The referee is the sole judge of fact and of Law during a match. The referee must apply fairly all the Laws of the Game in every match.Nigel Owens is a consistent ref, restart with a drop out, is a good call; there are a lot more controversial calls made in TV rugby. That's just splitting hairs, to decide otherwise at the grassroots, as neither match ref nor AR were close enough to see what's happening.

DocY
05-05-16, 12:05
How are you going to "sell" the penalty if the ball does not go into touch? (No offence committed as the the offence is propelling the ball INTO touch

Deliberate infringement - I'm of the opinion that this covers attempted infringement. Sorry for invoking a straw man, but you'd penalise someone for throwing a punch, even if they missed (at least I would).

crossref
05-05-16, 12:05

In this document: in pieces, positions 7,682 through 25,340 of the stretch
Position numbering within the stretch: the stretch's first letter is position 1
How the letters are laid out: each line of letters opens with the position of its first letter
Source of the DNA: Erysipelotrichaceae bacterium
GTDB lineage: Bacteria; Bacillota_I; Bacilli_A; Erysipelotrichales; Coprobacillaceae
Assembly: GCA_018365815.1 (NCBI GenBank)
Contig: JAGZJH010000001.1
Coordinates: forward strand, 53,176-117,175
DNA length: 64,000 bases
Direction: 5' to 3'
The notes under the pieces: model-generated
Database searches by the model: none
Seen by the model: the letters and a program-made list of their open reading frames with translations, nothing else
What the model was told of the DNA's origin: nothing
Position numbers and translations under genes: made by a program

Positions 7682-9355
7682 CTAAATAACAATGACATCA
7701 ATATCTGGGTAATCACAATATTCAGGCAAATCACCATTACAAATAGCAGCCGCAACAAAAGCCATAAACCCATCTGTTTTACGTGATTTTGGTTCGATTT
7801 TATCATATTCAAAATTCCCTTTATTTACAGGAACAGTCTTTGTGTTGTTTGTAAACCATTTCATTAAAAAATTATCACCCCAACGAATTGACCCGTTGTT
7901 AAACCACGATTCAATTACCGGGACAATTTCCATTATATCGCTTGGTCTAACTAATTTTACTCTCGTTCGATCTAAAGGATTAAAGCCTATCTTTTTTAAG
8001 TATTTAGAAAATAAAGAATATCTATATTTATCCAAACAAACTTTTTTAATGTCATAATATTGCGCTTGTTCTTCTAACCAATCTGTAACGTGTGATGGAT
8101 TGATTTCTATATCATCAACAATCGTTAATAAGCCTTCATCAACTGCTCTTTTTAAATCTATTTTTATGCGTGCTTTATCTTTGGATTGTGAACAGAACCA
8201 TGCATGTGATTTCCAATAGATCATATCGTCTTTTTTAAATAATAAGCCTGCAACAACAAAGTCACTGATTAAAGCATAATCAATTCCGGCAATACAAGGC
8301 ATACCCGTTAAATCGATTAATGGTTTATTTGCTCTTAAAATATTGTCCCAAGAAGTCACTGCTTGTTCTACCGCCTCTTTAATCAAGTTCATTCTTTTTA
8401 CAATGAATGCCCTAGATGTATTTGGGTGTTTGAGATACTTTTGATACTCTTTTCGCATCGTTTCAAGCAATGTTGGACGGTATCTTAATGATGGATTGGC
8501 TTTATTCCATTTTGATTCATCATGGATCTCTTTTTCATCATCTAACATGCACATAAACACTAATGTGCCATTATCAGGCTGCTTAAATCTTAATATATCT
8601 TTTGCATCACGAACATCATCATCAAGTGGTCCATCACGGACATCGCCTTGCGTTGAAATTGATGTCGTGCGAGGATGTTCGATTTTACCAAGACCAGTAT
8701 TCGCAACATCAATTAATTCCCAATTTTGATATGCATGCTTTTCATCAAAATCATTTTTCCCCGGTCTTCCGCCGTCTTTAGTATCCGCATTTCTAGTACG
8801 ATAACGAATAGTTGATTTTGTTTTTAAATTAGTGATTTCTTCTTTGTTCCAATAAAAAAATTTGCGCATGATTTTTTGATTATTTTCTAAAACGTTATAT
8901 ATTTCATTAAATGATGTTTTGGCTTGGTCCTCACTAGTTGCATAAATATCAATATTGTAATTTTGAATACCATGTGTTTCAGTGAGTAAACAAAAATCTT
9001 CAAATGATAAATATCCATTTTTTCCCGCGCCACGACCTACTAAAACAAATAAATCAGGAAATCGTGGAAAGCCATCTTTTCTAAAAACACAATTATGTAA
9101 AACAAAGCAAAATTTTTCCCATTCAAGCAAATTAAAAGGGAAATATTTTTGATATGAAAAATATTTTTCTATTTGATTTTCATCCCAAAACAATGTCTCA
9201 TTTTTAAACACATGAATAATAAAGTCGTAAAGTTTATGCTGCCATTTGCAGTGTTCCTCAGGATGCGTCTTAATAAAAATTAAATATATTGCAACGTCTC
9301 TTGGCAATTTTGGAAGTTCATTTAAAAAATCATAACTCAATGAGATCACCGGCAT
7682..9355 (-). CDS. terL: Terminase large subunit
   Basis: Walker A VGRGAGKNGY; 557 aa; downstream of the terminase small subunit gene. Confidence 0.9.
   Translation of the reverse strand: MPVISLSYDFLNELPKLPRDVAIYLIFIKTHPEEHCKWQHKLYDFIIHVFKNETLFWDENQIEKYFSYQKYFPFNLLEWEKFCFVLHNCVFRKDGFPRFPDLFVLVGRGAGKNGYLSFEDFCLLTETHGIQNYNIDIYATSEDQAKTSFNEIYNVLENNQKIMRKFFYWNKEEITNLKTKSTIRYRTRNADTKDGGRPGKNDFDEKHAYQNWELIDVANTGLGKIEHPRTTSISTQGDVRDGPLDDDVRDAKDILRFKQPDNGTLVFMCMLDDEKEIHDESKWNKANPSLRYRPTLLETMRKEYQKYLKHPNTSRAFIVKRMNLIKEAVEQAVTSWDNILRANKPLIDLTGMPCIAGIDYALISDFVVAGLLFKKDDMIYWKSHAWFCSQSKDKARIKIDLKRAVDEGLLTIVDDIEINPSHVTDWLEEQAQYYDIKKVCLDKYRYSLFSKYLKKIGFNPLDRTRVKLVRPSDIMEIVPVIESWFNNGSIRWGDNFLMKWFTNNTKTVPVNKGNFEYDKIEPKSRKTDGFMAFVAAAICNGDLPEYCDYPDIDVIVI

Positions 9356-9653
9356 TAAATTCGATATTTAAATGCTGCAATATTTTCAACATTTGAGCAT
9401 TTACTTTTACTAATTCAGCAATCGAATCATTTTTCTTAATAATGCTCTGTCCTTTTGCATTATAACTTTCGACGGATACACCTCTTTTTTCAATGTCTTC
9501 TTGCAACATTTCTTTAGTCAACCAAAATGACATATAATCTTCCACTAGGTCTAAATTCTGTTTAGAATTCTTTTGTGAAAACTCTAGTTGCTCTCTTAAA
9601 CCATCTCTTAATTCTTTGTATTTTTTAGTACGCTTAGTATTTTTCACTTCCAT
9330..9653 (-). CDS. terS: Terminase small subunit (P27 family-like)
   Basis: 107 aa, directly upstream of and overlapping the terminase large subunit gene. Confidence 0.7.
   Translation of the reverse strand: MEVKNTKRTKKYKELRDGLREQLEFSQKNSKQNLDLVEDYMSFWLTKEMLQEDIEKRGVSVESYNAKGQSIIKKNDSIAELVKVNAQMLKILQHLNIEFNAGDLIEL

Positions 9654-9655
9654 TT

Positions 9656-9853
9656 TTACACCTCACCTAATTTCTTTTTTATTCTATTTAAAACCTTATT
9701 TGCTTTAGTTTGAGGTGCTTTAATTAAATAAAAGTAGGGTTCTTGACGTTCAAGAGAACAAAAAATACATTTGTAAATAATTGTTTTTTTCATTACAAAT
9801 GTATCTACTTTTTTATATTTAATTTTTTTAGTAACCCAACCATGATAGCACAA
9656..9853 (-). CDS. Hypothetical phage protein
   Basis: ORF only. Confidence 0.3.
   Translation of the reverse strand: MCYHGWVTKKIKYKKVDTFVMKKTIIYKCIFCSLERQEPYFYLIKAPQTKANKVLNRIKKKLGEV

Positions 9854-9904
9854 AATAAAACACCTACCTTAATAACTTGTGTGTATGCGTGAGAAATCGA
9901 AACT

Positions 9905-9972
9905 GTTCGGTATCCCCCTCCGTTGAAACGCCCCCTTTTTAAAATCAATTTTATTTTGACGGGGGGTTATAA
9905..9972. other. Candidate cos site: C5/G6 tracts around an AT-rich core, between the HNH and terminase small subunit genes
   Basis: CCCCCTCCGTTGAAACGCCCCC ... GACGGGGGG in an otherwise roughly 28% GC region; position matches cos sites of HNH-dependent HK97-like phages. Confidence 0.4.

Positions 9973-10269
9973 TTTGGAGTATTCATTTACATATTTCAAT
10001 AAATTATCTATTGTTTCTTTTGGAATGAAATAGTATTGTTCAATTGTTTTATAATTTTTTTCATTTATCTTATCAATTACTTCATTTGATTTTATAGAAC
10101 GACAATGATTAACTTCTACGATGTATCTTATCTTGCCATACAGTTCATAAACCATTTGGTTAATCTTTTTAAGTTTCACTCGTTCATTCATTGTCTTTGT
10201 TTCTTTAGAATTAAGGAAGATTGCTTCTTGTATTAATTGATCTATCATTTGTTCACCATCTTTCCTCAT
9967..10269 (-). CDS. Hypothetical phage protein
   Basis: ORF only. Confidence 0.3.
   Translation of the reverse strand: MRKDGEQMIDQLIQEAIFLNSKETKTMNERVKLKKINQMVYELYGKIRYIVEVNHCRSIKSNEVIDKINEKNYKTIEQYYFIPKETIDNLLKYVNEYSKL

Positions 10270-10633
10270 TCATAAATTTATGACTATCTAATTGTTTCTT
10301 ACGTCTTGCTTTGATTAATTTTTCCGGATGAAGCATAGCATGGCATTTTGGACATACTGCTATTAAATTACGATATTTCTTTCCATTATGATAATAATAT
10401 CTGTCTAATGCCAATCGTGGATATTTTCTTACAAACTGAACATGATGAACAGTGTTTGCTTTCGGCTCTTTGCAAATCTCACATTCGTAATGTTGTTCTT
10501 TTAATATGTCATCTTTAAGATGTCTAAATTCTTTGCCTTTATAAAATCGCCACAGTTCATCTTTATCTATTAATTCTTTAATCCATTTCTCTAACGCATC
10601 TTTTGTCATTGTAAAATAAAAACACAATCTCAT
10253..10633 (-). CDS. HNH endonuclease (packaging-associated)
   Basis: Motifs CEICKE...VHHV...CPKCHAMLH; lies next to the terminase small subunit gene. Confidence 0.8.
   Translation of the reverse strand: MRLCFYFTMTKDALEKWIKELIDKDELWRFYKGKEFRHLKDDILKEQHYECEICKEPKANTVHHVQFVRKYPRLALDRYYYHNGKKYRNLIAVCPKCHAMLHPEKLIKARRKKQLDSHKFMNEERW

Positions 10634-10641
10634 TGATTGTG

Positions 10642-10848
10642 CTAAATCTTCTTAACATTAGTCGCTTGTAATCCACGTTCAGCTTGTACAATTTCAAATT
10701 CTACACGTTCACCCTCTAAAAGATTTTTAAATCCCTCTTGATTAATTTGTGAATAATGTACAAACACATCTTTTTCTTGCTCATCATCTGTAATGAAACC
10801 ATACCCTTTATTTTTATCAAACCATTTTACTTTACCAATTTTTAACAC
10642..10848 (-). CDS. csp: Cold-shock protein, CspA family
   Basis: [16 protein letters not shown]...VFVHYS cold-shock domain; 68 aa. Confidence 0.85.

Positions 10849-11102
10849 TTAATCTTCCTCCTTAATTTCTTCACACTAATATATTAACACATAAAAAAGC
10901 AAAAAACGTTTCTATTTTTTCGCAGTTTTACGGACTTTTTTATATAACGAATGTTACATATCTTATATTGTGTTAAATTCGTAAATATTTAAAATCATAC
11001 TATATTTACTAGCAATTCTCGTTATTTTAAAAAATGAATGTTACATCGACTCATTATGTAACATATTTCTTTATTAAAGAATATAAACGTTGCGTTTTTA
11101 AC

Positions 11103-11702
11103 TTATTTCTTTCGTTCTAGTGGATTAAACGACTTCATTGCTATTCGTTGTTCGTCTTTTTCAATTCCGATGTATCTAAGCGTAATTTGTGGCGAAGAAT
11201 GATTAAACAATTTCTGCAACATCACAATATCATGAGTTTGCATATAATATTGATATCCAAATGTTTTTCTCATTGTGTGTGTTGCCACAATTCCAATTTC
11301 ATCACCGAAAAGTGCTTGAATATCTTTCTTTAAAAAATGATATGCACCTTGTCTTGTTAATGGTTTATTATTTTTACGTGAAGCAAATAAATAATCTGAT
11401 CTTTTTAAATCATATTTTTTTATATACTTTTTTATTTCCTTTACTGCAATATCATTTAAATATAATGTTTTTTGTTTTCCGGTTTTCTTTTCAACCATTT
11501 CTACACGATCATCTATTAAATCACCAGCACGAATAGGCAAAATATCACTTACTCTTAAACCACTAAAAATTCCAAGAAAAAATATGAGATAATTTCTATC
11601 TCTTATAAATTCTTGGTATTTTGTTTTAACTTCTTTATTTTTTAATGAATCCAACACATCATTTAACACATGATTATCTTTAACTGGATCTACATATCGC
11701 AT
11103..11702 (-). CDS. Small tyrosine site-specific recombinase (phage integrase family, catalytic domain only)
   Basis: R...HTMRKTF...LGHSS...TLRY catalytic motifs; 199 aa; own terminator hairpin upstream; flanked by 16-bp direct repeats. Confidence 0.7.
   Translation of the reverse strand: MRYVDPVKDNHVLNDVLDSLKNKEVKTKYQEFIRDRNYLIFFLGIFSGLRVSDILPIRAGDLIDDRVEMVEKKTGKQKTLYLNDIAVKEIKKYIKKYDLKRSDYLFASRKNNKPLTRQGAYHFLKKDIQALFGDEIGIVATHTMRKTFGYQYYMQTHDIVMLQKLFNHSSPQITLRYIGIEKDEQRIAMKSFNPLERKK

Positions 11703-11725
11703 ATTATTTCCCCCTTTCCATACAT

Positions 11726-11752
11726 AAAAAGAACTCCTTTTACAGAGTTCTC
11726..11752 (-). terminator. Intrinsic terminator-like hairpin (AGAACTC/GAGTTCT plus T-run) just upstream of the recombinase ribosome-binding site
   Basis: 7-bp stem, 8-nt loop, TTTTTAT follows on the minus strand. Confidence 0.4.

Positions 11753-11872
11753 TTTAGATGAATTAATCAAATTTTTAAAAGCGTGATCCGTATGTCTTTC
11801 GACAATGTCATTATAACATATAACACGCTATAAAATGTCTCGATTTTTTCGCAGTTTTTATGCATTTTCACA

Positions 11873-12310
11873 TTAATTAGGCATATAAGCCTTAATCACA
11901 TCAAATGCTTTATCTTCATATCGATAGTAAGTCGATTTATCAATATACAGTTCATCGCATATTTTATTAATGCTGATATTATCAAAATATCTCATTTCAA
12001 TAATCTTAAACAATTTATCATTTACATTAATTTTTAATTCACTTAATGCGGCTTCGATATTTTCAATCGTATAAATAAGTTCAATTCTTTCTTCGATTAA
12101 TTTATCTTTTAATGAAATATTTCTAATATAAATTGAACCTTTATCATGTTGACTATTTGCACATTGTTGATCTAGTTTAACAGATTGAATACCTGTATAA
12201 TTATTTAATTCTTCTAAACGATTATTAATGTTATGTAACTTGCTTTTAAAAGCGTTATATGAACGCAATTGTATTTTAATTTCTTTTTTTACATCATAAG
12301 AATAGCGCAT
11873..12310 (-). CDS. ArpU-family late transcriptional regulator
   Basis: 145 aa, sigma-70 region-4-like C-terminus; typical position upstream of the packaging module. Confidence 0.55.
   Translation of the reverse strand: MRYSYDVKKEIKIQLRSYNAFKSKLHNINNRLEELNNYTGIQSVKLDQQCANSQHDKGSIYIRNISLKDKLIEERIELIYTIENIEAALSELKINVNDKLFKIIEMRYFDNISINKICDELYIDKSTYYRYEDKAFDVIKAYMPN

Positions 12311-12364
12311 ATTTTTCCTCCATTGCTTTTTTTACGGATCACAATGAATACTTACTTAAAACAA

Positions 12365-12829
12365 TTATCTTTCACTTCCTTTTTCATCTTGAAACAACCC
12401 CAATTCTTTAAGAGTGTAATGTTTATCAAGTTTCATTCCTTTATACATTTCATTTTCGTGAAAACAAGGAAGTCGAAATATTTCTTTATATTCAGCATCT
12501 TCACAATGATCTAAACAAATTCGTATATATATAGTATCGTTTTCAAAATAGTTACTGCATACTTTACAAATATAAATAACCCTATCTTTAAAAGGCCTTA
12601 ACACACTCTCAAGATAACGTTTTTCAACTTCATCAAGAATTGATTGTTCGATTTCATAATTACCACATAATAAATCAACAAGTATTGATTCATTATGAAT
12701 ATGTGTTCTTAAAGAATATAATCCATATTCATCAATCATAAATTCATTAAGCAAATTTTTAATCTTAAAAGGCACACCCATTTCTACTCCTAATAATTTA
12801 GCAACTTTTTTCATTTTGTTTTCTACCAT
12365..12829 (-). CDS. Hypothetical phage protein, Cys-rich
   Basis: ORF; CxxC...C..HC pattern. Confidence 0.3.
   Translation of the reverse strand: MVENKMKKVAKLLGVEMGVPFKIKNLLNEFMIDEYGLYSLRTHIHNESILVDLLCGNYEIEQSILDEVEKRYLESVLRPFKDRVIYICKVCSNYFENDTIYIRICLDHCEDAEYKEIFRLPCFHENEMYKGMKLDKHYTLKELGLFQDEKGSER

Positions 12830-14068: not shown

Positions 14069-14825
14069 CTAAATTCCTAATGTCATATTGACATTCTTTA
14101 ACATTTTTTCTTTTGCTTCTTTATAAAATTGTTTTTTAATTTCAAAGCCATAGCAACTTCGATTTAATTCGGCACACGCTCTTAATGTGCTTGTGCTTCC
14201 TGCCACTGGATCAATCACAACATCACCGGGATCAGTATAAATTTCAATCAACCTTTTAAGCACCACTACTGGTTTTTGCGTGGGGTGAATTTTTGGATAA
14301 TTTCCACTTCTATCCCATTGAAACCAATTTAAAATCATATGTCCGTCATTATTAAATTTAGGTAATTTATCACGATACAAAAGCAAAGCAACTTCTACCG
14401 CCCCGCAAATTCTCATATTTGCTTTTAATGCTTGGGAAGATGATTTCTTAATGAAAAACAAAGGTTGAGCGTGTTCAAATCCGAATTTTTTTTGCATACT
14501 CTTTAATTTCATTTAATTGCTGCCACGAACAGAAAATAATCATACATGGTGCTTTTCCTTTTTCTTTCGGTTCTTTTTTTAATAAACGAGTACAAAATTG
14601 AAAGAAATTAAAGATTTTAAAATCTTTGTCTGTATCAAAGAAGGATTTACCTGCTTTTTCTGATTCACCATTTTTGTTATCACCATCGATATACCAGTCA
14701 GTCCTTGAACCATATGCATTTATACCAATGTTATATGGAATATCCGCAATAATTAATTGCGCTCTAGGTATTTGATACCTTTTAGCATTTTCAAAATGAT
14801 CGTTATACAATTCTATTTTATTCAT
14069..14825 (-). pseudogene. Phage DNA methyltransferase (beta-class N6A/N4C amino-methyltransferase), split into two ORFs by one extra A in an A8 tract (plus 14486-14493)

but you'd penalise someone for throwing a punch, even if they missed (at least I would).

well, you might give a PK to make a point, but you wouldn't give the RC that would be deserved if it connected.

DocY
05-05-16, 12:05
it's just part of rugby, isn't it -- it's like the kick off that was heading directly into touch, for options, except that it hits a defender on the way - for an attacking line out !

Not 'fair' or deserved, just luck...

On a point of pedantry, a kickoff into touch isn't an infringement, but would you consider a deliberate, low, hard kick off aimed at a player on the touchline (which bounced off him into touch) OK? I don't think I would and I think that situation is closer to an intentional knock into touch than a misplaced kick off.

crossref
05-05-16, 12:05
a kick off directly into touch is an infringement

collybs
05-05-16, 12:05
Deliberate infringement - I'm of the opinion that this covers attempted infringement. Sorry for invoking a straw man, but you'd penalise someone for throwing a punch, even if they missed (at least I would).